A Place Where Everyone is Welcome
Today, while the economy in the heartland is booming and food is abundant, one in 11 people do not know where their next meal is coming from—or if it will come at all. Elizabeth was once one of those 11. Last year, she went through a rough period in her life. She was in-between jobs with two children to care for. Her husband worked full-time but didn’t make enough alone to pay for their rented townhouse and put food on the table. So, Elizabeth did something she never imagined she’d have to do: she applied for food benefits through the Supplemental Nutrition Assistance Program (SNAP) (formerly food stamps).
“I used to think that people who needed help were lazy or just didn’t work hard enough,” Elizabeth admitted. “But now I understand. There’s no shame in asking for help.”
Elizabeth, who lives in Woodbury, is working again and no longer needs as much food assistance to feed her family, but she still visits the fresh produce distribution at the Christian Cupboard Emergency Food Shelf (CCEFS) in Oakdale, Minn., to supplement her food budget.
The produce distribution is one of many that happen throughout the summer and fall in response to a demand to provide our neighbors experiencing hunger, of any kind, with more access to healthy, fresh food.
Cindy Klatt is the mobile food shelf coordinator for CCEFS. She said that she’s noticed more of a demand for healthy foods since she started working at the food shelf as a volunteer in 2010.
“We served 280 families in September at our fresh produce distributions,” she said. “In addition, through partnering with Second Harvest Heartland to receive more fresh food rescue each week, we served 426 families during the month of September in our Wildcard Wednesday food distribution program!”
Klatt said she thinks more and more people are realizing how important it is to have a healthy diet.
“The problem is that fresh produce, meat and dairy products are expensive to purchase in the store, especially if you have a large family to feed,” she said.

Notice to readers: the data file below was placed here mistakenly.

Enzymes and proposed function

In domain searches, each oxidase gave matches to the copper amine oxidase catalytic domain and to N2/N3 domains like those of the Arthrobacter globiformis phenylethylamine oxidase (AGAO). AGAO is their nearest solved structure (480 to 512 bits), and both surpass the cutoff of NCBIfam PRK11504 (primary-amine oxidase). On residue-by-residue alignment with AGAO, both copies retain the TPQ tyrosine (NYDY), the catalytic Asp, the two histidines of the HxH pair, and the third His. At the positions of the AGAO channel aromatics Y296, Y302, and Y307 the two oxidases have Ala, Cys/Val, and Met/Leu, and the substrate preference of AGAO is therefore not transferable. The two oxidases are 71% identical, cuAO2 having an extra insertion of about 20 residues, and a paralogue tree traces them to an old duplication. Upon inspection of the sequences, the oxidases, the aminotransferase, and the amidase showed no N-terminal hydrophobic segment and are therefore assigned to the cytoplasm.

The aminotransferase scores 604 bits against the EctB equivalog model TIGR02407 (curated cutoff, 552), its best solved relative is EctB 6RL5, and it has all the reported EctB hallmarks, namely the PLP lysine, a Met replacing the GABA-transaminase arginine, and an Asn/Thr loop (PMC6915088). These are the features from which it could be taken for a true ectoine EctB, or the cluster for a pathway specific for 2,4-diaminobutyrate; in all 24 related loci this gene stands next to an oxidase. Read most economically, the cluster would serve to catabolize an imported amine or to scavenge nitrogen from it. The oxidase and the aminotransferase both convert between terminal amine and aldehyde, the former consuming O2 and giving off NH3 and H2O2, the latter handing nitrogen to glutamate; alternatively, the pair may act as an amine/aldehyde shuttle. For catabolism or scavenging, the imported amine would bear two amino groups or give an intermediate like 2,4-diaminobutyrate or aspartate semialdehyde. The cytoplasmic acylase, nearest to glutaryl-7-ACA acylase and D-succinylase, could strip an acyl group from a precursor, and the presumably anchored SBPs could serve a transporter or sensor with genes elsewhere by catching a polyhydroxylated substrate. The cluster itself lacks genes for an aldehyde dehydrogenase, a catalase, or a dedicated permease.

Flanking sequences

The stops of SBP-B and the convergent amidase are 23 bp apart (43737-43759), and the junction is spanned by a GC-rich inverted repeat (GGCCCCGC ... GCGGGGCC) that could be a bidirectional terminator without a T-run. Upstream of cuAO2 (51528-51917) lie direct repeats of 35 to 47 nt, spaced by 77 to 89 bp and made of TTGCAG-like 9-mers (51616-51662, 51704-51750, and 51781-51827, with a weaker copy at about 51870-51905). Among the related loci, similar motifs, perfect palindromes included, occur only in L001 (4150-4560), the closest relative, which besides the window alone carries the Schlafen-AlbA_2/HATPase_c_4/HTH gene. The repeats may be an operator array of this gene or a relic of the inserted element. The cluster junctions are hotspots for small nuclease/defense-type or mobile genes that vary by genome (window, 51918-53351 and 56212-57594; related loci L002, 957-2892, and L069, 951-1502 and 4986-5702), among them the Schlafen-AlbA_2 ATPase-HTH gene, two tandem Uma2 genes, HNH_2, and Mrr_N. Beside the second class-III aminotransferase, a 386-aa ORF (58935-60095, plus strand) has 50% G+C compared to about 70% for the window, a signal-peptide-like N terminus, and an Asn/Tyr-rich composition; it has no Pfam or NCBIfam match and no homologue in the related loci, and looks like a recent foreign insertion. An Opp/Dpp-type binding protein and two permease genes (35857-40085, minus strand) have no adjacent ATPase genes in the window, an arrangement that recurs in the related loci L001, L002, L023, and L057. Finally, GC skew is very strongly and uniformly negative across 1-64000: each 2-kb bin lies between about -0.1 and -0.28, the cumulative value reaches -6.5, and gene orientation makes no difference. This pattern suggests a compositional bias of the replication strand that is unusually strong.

Klatt hopes that the produce distributions, which are open to all community members regardless of their income, will break down barriers and welcome people in.
“We want people to see that the food shelf isn’t so scary,” she said. “This is a place where everyone is welcome.”
The food shelf will continue to offer fresh produce and other nutritious food throughout the year on Wednesday mornings.
“We’re calling it ‘Wild Card Wednesday’ because every Wednesday beginning at 11 a.m., we’ll offer different food items, from produce to meat to prepared sandwiches,” Klatt said. “We’ll have a little of everything, and everyone is welcome.”
Klatt is thankful to be part of the solution, and said she believes everyone on the planet has a right to eat fresh, healthful, nutritious food.
“Our customers are people just like me and you who happen to be experiencing circumstances that prevent them from being able to put food on the table.”
The Fresh Produce Distribution Partnership season begins in June and runs through late October, with July, August and September being the most active months. As of Oct. 1, more than 100 distribution events were held in the metro area and beyond, which equates to an estimated 400,000 pounds of fresh produce distributed to 10,000 families so far this season. Nearly 40 percent of those served were children.
Christian Cupboard was one of the first agency partners to join this special incentive program—now a cohort of 18 — to encourage partners to add seasonal produce distributions to their food programs. Now in their fourth season, they have built fresh produce distribution into a sustainable program.
Second Harvest Heartland works with nearly 1,000 partner food shelves, pantries and other meal programs every day to reach the one in 11 Minnesotans who don’t know where their next meal is coming from. Learn more about our partnerships and how you can help.